I was in Knoxville, Tennessee at the beginning of October picking up my BFF Bob for our road trip to Orlando. We were going for coffee when I saw the National Park Service sign for the Manhattan Project. Bob was not aware of the park, so I decided to look into it and there is a National Park for the K25 site in Oak Ridge, Tennessee. In 2015, The Manhattan Project National Historical Park in Oak Ridge was authorized as part of the Levin and McKeon National Defense Authorization Act. The Department of Energy owns, preserves, and maintains the park facilities and the National Park Services administers the park, interprets the story of the Manhattan Project, and provides technical assistance to the DOE on historic preservation.
K25 was the codename given to the site in Oak Ridge for the part of the Manhattan Project program that produced enriched uranium for atomic bombs using the gaseous diffusion method. After the war, sites K-27, K-29, K-31, and K-33 were to continue this program. In 1955, the site was renamed the Oak Ridge Gaseous Diffusion Plant. To this day, the area operates as a national security complex for a manufacturing facility for nuclear weapons components and related defense purposes by supporting “defense needs through stockpile stewardship, assistance on issues of nuclear non-proliferation, support for the Naval Reactors program, and to provide expertise to other federal agencies. Y-12 is also responsible for the maintenance and production of all uranium parts and “secondary” mechanisms for every nuclear weapon in the United States arsenal.”(Wiki Y-12).
K25 stand for Kellex 235. Kellex is a subsidiary of the Kellogg Corporation, who specialized in chemical engineering. Kell stood for Kellogg and the X was for secret. the 25 is part of the indicator for uranium. The subsidiary was to be kept secret because of the sensitivity of the Manhattan Project. Kellex was in charge of designing a facility, processes and equipment to enable to produce enriched uranium from the gaseous diffusion method. The headquarters in Oak Ridge was just one site used by the Kellex Corporation.
That is an extremely brief history of what has become the major turning point of World War II. The Manhattan Project produced two different types of combs “Fat Man”, a plutonium implosion-type nuclear weapon and “Little Boy”, an enriched uranium gun-type fission weapon. After the development of the bombs, they were tested at Alamogordo, New Mexico. On August 6, 1945, the Enola Gay dropped “Little Boy” on to Hiroshima killing up to 166,000 people. On August 9, 1945, the Bockscar dropped “Fat Man” on to Nagasaki killing up to 120,000 people. This provided the Allies with a victory. Japan surrendered on August 14, 1945.
We started at the NPS Manhattan Visitor Center which is housed inside the Children’s Museum. The ranger gave us a wonderful overview with pictures from that time period. It was a wonderful introduction to the sites and gave us an overview of the project sites. There is a map available, and he outlined which sites were closed to Covid.
Bob is familiar with the area, and we began our journey by stopping at the guard stations. These buildings are not open. There is a small parking area behind the larger station and there is a informational placard there.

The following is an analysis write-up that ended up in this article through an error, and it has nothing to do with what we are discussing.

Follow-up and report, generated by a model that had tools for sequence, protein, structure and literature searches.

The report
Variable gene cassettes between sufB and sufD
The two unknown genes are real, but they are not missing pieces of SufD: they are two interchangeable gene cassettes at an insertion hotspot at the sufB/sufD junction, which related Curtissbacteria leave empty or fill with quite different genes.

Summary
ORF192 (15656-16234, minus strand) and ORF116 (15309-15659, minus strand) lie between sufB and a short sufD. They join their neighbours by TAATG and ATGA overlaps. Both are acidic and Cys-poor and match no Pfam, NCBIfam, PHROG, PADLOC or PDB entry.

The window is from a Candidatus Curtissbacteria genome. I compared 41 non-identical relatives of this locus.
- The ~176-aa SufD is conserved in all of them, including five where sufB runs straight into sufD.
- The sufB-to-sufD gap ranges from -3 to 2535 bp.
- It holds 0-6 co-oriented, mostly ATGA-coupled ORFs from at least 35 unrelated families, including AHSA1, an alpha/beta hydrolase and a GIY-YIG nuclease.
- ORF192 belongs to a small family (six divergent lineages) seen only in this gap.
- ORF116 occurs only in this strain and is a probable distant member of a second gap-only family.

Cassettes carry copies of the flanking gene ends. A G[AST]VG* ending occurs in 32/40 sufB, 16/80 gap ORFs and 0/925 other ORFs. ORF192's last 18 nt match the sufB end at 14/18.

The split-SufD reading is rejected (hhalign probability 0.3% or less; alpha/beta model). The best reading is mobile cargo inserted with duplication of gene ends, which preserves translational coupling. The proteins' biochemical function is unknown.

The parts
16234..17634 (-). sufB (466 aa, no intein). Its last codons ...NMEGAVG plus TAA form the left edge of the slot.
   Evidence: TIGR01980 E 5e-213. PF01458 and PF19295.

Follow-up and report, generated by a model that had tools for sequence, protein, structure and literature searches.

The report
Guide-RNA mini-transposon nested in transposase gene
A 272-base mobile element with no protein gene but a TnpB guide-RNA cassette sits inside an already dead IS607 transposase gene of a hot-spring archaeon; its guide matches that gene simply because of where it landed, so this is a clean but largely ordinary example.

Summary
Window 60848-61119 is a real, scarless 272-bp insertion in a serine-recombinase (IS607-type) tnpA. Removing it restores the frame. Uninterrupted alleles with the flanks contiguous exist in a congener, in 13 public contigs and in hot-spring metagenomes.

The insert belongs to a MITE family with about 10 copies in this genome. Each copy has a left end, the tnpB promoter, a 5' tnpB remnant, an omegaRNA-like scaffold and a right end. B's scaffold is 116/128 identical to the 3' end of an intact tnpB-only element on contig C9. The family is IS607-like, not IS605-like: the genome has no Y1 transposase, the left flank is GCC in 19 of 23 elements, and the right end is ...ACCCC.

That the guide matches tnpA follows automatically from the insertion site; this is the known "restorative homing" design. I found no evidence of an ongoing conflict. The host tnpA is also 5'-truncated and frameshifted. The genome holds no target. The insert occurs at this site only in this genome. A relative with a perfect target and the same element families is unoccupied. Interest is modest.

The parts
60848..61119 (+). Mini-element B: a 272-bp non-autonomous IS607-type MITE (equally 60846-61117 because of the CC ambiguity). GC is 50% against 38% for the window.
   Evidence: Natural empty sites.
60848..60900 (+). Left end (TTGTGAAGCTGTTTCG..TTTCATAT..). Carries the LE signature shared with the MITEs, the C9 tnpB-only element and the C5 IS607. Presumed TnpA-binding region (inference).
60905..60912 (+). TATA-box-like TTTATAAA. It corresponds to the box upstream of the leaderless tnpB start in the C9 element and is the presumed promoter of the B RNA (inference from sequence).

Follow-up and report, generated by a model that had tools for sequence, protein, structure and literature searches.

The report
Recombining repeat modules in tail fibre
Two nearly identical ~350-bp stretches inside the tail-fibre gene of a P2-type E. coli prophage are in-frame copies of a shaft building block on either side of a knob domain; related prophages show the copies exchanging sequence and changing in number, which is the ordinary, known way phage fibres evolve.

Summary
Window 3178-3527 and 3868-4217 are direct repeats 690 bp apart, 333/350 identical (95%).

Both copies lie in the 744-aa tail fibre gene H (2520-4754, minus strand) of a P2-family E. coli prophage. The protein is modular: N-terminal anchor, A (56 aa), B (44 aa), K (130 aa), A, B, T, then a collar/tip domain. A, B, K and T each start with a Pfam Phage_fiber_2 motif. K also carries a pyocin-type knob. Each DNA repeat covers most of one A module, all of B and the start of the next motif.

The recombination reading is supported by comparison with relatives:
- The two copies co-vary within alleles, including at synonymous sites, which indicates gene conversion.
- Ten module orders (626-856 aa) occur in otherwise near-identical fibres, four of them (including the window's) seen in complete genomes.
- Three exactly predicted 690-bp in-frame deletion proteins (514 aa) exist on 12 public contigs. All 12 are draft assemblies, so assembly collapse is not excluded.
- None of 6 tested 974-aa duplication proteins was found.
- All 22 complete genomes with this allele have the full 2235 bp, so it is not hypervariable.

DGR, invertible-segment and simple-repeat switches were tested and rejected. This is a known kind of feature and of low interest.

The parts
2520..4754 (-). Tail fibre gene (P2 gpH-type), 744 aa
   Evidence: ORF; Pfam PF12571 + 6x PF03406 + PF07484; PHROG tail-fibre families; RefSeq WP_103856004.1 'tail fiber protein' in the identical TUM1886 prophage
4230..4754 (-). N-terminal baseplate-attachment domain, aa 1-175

We then moved on to the K25 site. It is a little difficult to find. It is in the back of the complex next to the fire station.
The inside was a gem of a museum. We were greeted by an employee who was so sweet and smiled the whole time. There was a volunteer that actually worked at the site in 1974! He had met some of the engineers who worked on the project and marveled at the stories that had to tell. A “security card” is offered and it allows the bearer further information through interactive displays. I learned a lot about the workers, pay, and life at the Secret City by choosing what I was interested in.
We were offered the intro movie. We watched it and I’m glad we did since it was an excellent introduction to the site. It starts out with an army officer coming out to “talk to the new employees”. He was projected on a side screen and would watch the film and look out over the crowd. Bob swears he was staring at him. After the short film, we wandered through the displays in the museum.
The volunteer joined us after a time asking if we had any questions. He told two very interesting stories. The first was of a teenager who could not find work in the secret city and went into Oak Ridge to work for a fast food chain that was having financial problems. This was not just any chicken fast food restaurant, but one made famous by a southern colonel. The teenager became highly involved in the business and helped the Colonel make the restaurant a success. That teenager went on to form his own fast food Empire. That young man was Dave Thomas of Wendy’s fame. The other story was about a uranium courier. These couriers would have some product in a locked briefcase that was handcuffed to them. The courier would take the briefcase to another courier. Those couriers did not know where the other came from or where the other was going. One particular courier began a breakfast empire through the Waffle House. It seems that the Manhattan project was the mother of invention.
The last part of the museum was a timeline of the Cold War and a photo gallery. It is not a huge museum and the telling of the K25 story is concise, informative, and well done. I appreciate the passion that the staff brought to the site. Well done! If you have an opportunity to visit this site, do. It is a dark point in our history and the K25 museum does a wonderful job of telling the story.